COTTAGE GROVE, Ore. - Half of humanity cooks their food over open fires using wood or coal.
That takes its toll on human health and the environment.
At a small factory in this community south of Eugene, workers are turning out technological innovations that will turn up the heat on climate change and deforestation.
"So we've innovated a stove that saves fuel, is safe to use, that creates no smoke," said Fred Colgan, InStove director.
These are sustainable cooking stoves for the developing world, using just a small bundle of wood for a cooking fire.
Colgan flies to Nigeria this week, where gathering wood for cooking fires is liquidating the forests.
"We can change that equation," Colgan said. "We have to change that equation now. In 25 years, their trees are gone."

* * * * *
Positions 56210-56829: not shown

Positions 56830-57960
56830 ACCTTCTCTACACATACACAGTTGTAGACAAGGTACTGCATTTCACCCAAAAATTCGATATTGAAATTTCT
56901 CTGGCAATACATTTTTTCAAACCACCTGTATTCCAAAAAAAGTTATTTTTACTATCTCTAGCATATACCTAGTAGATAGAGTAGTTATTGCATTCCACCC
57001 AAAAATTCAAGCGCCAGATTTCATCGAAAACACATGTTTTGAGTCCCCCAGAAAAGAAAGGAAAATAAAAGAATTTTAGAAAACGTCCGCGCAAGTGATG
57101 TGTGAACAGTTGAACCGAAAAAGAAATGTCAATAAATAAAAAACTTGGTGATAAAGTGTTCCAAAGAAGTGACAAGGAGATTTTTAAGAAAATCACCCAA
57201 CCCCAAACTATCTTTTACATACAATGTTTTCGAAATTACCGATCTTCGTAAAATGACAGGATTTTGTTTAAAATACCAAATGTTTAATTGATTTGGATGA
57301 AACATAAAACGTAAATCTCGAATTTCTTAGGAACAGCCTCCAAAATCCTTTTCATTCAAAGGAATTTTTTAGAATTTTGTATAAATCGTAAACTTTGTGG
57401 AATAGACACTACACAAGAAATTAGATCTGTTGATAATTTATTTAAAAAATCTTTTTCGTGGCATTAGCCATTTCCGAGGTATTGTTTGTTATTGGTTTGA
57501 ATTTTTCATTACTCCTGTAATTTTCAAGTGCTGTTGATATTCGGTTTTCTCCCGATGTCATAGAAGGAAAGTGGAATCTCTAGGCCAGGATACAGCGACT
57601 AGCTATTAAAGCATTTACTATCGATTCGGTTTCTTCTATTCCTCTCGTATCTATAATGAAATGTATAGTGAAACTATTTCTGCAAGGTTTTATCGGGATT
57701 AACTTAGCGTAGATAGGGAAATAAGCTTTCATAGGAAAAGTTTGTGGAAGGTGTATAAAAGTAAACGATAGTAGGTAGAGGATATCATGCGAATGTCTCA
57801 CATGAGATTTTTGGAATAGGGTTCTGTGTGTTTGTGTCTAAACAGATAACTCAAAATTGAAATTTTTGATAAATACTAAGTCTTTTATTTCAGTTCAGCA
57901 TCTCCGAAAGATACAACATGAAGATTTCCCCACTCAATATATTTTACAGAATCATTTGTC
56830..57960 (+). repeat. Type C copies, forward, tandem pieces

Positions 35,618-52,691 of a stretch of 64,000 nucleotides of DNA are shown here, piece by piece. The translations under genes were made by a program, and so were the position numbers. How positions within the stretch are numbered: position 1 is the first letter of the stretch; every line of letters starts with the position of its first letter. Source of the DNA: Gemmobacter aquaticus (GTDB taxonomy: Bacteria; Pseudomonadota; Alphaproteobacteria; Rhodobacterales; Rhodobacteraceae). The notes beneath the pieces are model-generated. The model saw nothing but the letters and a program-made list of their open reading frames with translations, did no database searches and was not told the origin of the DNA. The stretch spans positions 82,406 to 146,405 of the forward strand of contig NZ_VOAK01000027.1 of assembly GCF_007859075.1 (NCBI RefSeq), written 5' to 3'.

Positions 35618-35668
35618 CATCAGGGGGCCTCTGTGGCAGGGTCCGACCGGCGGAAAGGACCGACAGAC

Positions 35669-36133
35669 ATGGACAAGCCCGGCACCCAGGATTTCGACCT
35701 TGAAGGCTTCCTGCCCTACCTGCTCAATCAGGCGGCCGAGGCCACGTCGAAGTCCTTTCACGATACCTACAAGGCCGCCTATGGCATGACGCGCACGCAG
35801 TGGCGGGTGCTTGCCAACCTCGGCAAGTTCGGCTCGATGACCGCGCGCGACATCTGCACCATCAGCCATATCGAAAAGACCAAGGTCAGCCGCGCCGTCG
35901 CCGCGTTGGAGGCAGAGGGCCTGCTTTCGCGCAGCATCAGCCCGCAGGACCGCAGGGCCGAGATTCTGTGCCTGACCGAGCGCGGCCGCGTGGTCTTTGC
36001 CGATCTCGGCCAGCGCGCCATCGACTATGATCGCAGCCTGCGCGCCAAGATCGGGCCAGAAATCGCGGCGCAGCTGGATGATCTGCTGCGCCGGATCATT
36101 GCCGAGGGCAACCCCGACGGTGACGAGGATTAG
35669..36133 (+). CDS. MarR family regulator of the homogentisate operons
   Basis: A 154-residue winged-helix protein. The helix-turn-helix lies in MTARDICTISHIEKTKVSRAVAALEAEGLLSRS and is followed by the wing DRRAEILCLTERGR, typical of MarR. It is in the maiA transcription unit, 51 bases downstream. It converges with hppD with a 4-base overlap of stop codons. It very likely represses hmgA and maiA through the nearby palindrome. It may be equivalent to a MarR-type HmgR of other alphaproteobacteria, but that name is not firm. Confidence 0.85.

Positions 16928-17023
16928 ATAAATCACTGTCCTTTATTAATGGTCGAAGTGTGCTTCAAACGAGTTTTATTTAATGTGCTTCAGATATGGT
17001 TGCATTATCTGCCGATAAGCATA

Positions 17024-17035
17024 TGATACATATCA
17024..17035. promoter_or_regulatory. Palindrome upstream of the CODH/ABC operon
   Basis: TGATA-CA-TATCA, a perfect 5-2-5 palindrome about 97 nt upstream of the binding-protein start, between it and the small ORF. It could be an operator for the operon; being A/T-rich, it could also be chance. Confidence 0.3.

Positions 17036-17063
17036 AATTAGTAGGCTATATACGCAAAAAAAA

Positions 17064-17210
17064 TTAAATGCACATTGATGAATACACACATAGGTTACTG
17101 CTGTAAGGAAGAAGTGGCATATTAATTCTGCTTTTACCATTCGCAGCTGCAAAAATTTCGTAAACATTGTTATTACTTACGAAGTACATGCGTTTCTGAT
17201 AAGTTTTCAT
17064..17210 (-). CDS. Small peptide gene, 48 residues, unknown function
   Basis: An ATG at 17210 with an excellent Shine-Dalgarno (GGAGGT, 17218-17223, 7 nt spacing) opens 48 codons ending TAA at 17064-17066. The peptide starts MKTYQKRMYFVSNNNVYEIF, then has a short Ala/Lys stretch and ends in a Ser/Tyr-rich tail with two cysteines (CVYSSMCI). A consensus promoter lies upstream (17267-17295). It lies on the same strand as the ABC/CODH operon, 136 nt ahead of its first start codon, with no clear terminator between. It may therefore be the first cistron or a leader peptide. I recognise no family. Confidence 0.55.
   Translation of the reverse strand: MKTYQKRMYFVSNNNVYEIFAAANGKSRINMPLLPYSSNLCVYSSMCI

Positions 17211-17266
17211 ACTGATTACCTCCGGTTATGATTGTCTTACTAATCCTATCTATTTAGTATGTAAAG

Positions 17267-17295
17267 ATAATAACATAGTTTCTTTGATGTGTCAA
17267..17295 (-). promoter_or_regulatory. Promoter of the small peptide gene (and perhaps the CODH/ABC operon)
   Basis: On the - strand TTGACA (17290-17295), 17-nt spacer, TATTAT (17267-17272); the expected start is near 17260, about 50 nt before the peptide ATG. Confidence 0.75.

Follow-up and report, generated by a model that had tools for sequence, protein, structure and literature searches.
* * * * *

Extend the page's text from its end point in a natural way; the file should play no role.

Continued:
InStove is ramping up its program with larger, 100-liter stoves in their factory set up last fall.
So far in the first 7 months, they have produced about 1,000 stoves. Next year they want to at least double that number.
Colgan's plan in Nigeria is to set up a stove factory so the people there can build the kits. The stoves are already in 21 countries.
"This is our vision: to change the landscape of countries around the world where we are in crisis situations," he said.